Course management was vastly improved as well. Mowing equipment and agronomy methods were upgraded. The greenskeeper position was evolving too. Turf management, machine maintenance and budget controls began to play a role in day-to-day operations.
The stimpmeter was developed in the mid-1930s by Eddie Stimpson, to determine the speed of the green. The speed test took place on a flat area of the green. A ball is rolled down a 36-inch-long strip of metal with a notch cut on the end to allow the ball to release on the green surface. The distance the ball rolls, measured in feet, is its stimpmeter reading.
The golf ball size and weight also continued to evolve. By 1931 the PGA Tour adopted a ball weighing 1.55 ounces with a diameter of 1.68 inches. This ball was referred to as the “balloon ball.”
No other player on the PGA Tour benefited more from the balloon ball than former Oak Hill pro Ed Dudley. Playing with the new ball, Dudley won the Los Angeles Open and the Western Open. He also won the scoring title for the year with an average of 71.39 strokes for the 30 tournaments he entered. At the time these golf balls were being sold for $2 a dozen.
According to Will Grimsley in his book Golf Its History, People and Events he quotes the USGA initially responding favorably to the balloon ball stating, “The average golfer has discovered he can make shots with the new ball which were beyond his control with the old. He has found no loss of distance — he is continually playing from better lies, and is amazed to find scores averaging lower. Women golfers are playing better with the new ball.”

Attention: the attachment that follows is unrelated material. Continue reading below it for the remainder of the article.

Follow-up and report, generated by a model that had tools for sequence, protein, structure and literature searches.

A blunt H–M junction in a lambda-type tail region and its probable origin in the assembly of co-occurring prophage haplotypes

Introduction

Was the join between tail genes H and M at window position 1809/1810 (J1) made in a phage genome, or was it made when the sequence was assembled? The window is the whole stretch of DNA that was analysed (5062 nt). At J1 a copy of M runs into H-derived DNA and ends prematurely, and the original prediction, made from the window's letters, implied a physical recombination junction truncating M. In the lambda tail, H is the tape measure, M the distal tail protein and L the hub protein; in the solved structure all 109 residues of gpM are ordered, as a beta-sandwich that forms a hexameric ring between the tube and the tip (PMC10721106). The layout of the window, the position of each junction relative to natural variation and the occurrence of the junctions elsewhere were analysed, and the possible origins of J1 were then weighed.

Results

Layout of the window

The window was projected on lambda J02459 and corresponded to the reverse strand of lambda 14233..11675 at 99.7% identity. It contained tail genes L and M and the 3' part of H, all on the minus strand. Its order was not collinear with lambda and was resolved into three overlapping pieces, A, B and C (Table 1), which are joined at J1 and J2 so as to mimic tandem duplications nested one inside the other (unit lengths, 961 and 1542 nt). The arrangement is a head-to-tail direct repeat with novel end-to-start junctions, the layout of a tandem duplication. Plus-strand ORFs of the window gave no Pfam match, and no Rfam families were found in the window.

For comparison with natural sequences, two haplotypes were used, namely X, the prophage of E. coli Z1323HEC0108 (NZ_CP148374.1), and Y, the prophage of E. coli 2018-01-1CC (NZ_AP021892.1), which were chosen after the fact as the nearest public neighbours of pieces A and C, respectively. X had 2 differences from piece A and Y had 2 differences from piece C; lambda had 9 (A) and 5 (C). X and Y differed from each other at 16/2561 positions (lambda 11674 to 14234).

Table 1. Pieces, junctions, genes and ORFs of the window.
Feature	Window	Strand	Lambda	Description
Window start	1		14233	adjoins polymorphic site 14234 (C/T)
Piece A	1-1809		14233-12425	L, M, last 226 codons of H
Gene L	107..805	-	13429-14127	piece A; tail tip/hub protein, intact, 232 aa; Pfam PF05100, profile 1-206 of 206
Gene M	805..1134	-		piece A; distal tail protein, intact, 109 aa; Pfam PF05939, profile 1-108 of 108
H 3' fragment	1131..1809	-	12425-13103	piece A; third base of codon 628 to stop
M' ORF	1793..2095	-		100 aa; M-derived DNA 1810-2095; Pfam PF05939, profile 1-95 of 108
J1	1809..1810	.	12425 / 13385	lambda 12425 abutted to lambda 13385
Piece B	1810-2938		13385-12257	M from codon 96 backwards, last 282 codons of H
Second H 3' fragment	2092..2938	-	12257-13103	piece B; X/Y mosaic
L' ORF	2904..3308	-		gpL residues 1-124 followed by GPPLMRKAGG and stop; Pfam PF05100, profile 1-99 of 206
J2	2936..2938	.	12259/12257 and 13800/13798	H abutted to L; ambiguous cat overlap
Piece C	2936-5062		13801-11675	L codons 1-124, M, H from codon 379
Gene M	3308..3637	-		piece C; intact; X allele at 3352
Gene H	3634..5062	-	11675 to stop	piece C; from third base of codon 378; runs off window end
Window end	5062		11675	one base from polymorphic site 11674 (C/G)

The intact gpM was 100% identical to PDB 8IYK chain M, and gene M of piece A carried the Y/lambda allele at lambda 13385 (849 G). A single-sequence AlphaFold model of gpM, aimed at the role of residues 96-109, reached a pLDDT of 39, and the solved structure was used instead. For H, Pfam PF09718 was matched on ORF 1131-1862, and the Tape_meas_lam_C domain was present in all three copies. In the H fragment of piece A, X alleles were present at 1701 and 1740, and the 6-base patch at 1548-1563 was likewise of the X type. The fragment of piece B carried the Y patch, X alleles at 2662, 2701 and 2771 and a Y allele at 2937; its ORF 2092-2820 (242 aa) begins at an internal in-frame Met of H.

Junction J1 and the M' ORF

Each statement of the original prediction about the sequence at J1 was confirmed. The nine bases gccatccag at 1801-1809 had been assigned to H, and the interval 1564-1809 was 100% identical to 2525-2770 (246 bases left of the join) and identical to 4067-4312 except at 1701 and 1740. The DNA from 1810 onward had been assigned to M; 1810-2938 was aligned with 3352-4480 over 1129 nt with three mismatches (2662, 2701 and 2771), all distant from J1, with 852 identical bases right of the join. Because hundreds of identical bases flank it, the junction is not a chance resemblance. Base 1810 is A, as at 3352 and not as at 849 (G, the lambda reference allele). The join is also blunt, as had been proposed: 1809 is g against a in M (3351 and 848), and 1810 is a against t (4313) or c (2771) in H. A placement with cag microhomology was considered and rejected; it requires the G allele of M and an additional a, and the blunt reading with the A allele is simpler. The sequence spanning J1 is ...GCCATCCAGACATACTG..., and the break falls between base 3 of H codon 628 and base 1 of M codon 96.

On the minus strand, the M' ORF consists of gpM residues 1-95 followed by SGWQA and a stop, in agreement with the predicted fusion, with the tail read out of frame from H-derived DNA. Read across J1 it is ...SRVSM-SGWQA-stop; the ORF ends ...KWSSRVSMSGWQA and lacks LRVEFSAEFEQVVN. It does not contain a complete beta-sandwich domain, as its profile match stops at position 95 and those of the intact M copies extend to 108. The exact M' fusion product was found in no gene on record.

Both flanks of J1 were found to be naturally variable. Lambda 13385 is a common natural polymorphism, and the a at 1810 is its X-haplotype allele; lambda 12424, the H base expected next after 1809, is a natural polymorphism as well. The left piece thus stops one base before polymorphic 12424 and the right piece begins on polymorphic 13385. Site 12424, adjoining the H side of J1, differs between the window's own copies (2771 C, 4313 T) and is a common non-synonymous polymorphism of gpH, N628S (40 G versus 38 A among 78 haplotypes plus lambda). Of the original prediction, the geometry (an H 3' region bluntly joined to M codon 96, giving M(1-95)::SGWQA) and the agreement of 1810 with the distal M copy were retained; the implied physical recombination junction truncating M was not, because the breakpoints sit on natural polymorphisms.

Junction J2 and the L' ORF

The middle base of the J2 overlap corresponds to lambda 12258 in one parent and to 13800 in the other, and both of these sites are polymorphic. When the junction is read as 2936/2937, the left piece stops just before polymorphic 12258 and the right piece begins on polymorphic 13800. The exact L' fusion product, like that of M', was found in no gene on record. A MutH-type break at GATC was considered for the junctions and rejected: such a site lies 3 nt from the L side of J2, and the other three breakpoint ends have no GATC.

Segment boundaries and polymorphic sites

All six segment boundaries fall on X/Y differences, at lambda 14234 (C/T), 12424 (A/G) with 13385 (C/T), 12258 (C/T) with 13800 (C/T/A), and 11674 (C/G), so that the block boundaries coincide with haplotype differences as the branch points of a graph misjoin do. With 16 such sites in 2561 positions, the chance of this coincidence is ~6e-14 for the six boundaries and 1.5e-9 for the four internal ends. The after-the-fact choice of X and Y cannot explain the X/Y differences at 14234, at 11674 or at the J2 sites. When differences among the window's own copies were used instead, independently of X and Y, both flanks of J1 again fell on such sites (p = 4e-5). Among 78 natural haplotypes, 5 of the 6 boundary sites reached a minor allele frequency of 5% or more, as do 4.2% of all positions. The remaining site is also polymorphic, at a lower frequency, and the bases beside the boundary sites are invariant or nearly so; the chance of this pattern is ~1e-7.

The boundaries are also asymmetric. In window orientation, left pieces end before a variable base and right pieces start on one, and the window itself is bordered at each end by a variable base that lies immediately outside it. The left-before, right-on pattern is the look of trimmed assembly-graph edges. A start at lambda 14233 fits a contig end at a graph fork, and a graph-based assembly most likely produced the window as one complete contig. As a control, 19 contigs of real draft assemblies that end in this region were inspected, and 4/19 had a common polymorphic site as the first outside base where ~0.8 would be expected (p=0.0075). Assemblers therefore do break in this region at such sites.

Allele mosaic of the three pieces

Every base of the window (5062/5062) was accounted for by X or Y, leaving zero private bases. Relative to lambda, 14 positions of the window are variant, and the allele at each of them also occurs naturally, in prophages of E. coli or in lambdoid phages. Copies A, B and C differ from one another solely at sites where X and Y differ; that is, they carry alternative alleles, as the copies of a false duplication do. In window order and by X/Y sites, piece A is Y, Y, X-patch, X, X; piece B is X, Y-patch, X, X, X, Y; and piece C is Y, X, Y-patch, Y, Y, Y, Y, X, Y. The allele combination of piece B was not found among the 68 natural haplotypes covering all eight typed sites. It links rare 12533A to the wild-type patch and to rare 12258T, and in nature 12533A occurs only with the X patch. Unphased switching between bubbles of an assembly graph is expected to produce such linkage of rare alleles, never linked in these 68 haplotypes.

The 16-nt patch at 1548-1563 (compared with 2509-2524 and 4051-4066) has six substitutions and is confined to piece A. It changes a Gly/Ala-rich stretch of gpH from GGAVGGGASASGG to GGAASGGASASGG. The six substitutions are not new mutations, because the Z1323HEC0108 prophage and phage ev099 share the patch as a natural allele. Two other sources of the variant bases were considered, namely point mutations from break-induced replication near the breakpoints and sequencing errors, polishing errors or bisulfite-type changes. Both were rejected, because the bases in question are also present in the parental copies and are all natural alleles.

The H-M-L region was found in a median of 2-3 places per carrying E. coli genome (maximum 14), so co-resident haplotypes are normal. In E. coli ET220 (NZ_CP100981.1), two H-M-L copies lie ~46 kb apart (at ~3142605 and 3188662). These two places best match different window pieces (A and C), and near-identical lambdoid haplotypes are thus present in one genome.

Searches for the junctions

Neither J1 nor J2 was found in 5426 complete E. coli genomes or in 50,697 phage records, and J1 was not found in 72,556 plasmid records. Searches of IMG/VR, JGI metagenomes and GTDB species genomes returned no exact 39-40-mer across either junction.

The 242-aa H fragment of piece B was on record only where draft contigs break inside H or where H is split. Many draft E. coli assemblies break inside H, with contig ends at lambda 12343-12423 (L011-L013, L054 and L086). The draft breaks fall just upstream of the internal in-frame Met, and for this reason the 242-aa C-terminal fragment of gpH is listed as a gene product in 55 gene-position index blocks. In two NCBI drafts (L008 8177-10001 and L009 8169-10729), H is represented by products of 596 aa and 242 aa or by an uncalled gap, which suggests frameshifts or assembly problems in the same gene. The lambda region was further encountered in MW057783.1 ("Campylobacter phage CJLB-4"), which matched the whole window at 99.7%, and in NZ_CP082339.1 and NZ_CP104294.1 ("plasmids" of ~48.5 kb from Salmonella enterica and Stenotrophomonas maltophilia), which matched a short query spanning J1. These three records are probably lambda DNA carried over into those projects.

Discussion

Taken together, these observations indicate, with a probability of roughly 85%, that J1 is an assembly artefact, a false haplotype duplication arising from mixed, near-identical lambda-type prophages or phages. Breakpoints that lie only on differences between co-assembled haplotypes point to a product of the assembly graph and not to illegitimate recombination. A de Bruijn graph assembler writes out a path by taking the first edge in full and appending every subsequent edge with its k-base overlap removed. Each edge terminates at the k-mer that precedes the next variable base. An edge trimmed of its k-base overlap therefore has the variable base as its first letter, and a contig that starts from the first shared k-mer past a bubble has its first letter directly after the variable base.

In a short time afterward, the USGA dramatically repositioned their view finding multiple issues with the new ball. “The first balls on the market were oversized and substantially underweight which, combined with generally unfavorable weather, brought a storm of protest.
“Complaints against the “balloon ball” were enumerated: (1) it did not have sufficient weight to hold the course or bore into the wind; (2) on the putting green, it was easily diverted by the irregularities of the surface when its power is spent.”
On the last day in January of 1932, the USGA decided on a definite ball weight and size. The new ball rules stated that no ball could weigh more than 1.62 ounces and measure no less than 1.68 inches in diameter.
Even during the Great Depression, 1930 golf merchandise was expensive. During this time The Joplin Globe ran continuous advertisements. Montgomery Wards at 5th & Joplin was selling canvas bags for $7.98, trimmed in leather.
Straightaway balls per dozen guaranteed for 50 holes sold for $3.50 and Reddy-built tees were 18 count for 10 cents. The Joplin Hardware Store at 628 Main sold D & M Golf Balls three for $1, Kroydon Golf Clubs priced at $8 and up, and D & M golf bags for $3.
Even Crown Drug Co. at 510 Main was selling golf equipment. Spalding steel shaft irons were $4.50, Spalding steel shaft woods sold from $5 to $10, and an array of golf balls which included both Kro-Flite balls and Spalding blue or red dot balls for 75 cents.
However, Newman’s had the most interesting ad, “Even a Civil War Golfer out in 61 and back in 65 should be up-to-the-minute in his golf attire.” The popular department store offered sweaters and par-fours.
Burke irons and woods were $1.45 each, MacGregor “Edgemont” irons and woods each at $3, MacGregor, Noe and Burke golf bags from $1.95 to $5, and Burke “Falcon” counter-balanced woods at $12.50 apiece.